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from the December 2005 issue

The Secret Meanings of Unappreciated Words

Back then I was working at the paper factory. The workers shunned me for having been to such places as Singapore, for wearing black all the time, and for eating my mother's completely tasteless roast beef between thin slices of bread instead of the factory rations. Yet I was so lonely, so distressed. I passionately yearned for them to come up to me so that I could smash them from floor to floor, astonish them by wrapping them around my tongue, and drive them to frenzy when they finally grasped the meaning of what I had said after a week or two.

But they were keeping their distance with an animal-like instinct, and they would establish no relationship beyond giggling over the aphorisms I would mumble every now and then. As I was undergoing a distressing period, I was too lazy to get into their kind of clothing and ran around like an unfortunate, lonely wolf among little red riding hoods.

This sense of desertion was the reason why I had written the dictionary The Real Meanings of Some Unappreciated Words. I, who had succeeded in penetrating the heart of the most secretive societies all over the world by impersonating a variety of characters, would never have lived through the night's experience I'm about to narrate if I had not been pushed to write my dictionary by the obstinacy of the workers at the paper factory. That's why I'm grateful to my sisters who work at that factory.

That day, like every other day, everyone hurried to the gates upon hearing the bells ring. I was walking slowly because I had no one to meet and nothing to do—other than to go back to my dictionary—and I had no idea of how to triple this sentence. It was as if the five o'clock bell had been invented to remind me of how busy they were, and of how idle and free of appointments I was.

Upon reaching the front of the factory, I stopped and looked up at the two statues which the wrought-iron gates separated. Icarus and Pegasus. The two statues rising on top of white pillars and the iron gates which separated the winged figures were perhaps the only reason why I wanted to work at the paper factory. The monotony of work, the matchlessness of feeling like an extension of the machines, the bells, the rules, and the insidious pleasure of watching the workers were in fact responsible for my spending more time here than I would have ever imagined, but the gate of the factory was the seal, the signature of the time I spent there.

As soon as I left the gate behind, quickening my strides, I started walking as though I was late for something. No, tonight I could not endure the annoying dishes prepared by my mother nor the painful hours spent over the table extracting the meaning of an unappreciated word and making up its sentence. I turned into a street, and then into another. The restaurant, frequented mainly by single male workers, was right across from me with its steamed shop-window. I pushed open the door and entered.

The next day, on the road, I remembered in bits and pieces, in the company of a bad headache which was the souvenir of the red wine, the hours I had spent at the restaurant. This happens to me every time I drink a lot and fast. The incidents I will narrate might be more or less than the whole. Who could ever resist the fact that the whole is not equal to the sum of its parts; I beg you not to expect this from me here with this headache of mine.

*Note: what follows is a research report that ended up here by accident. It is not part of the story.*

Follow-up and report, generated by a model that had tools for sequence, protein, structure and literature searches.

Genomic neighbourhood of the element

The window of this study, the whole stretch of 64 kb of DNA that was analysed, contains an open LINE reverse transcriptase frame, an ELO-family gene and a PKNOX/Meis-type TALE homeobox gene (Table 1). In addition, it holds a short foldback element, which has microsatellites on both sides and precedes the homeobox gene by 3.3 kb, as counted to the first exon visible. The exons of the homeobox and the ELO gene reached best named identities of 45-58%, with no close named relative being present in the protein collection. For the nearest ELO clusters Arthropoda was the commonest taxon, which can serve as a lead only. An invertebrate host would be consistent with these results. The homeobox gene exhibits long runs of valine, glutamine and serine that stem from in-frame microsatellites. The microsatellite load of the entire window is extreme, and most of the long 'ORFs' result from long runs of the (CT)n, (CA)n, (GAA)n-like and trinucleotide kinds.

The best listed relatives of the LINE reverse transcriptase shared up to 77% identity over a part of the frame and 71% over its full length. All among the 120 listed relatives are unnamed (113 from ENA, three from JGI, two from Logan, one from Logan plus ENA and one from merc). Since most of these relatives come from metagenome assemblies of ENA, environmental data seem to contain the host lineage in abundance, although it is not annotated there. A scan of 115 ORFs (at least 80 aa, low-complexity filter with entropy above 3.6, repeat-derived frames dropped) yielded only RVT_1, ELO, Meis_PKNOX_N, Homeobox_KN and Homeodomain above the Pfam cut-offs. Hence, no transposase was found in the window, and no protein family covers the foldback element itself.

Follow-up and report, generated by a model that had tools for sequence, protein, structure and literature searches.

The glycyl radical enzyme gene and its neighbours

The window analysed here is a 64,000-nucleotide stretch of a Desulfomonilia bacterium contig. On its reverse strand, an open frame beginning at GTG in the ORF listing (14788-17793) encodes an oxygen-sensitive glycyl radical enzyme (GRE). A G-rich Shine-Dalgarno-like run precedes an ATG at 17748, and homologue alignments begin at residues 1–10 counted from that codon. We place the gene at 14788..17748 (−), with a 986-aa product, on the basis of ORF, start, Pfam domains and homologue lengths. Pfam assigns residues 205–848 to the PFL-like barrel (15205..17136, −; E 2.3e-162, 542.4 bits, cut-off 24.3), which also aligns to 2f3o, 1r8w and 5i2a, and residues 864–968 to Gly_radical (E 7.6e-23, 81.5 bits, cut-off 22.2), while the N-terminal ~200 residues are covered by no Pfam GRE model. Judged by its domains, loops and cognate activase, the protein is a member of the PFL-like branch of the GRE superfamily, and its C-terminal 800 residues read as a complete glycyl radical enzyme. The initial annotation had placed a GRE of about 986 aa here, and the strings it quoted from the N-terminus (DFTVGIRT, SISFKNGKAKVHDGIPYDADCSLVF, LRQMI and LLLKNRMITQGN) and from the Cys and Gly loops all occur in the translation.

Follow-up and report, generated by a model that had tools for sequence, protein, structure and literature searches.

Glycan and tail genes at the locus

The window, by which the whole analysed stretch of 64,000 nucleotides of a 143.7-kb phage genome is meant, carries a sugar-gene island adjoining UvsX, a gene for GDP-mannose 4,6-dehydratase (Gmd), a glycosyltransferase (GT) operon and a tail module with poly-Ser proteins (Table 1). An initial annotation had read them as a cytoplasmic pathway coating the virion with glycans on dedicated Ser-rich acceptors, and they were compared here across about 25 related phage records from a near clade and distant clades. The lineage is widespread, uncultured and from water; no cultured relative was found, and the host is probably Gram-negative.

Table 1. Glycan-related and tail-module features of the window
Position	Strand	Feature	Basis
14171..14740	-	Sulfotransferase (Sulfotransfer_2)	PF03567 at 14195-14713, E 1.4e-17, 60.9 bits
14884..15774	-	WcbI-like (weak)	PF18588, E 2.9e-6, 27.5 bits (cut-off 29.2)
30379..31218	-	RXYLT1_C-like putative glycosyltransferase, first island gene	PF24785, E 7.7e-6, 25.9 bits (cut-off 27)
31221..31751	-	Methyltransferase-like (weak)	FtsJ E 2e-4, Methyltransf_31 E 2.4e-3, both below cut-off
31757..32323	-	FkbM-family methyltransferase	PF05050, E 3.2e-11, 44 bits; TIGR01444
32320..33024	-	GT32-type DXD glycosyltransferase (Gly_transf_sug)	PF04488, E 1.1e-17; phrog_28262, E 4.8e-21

I settled at a table for four in a corner. Contrary to my habit of ordering kidneys or pork chops at restaurants, I remember ordering a meat dish with carrots and peas, and after having eaten the meat, playing some sort of chess game by myself with the peas and the carrots aligned and facing each other. However, I was drinking the dry red wine which was placed in front of me so fast that I won't be able to go into the details of the game. I vaguely remember that the peas were pure spiritual states whereas the carrots were spiritual states which were polluted.

I don't belong to the tribe of human beings who can keep themselves busy for a long time. As the wine in the glass bowl was emptied, I lifted my head and shouted at the owner of the restaurant: "Sabartés! Sabartés, another bowl of red wine please."

The restaurant owner was a man of experience; he was not one of those immature souls who would question you for addressing him by this particular name. Also, distressed, dissipated, evil-hearted people like me, who are stricken with an affliction to behave as they feel, immediately sense how long they can dance on others' territories. Even in my half-drunken state, I had felt what a decent man the restaurant owner was—this world is full of restaurant owners who would feel threatened upon being called by a Catalan name.

Sabartés had just left the wine bowl on my table when the door opened and a tall, broad-shouldered dwarf entered. Since my childhood I have never been able to keep my eyes off a dwarf whenever I see one. Years ago a dwarf I had run into on a road in Peshawar, upon catching my eyes crawling like snakes all over him, had devilishly punished this habit of mine by turning somersaults and wrinkling his face as he madly swung his arms: There, isn't that what you expect of dwarfs!

Whenever I recall this incident, my hair stands on end. However, I was not able to keep my eyes off him; I was staring at him as if I were watching a skyscraper on fire. On top of everything he was a tall dwarf. It would almost be appropriate, if he were to portray himself as tall and broad-shouldered in the "Lonely Dwarf-Hearts" column of a newspaper for dwarfs. He was received with enthusiasm by the two dignified gentlemen sitting at the table right across from me. It was evident that he was a well-liked dwarf. But he was a dwarf nonetheless, was a dwarf, a dwarf, a dwarf, a dwarf.

I was so deeply immersed in thought that I didn't notice that the chair right by my side had been pulled out and that someone was sitting on it until the man turned his head and fixed his eyes on me. I guess it was not a common habit at this restaurant to ask for permission to sit at someone's table. The man talked with the deep voice of a heavy smoker: "Aren't you the author of the dictionary The Secret Meanings of Unappreciated Words?"

He had skipped "Some" and had replaced "Real" with "Secret". Wasn't his perhaps a more correct, a more attractive title? I was stupefied.

"Could you please move to the chair across from me?" I asked. "I can't see your face easily."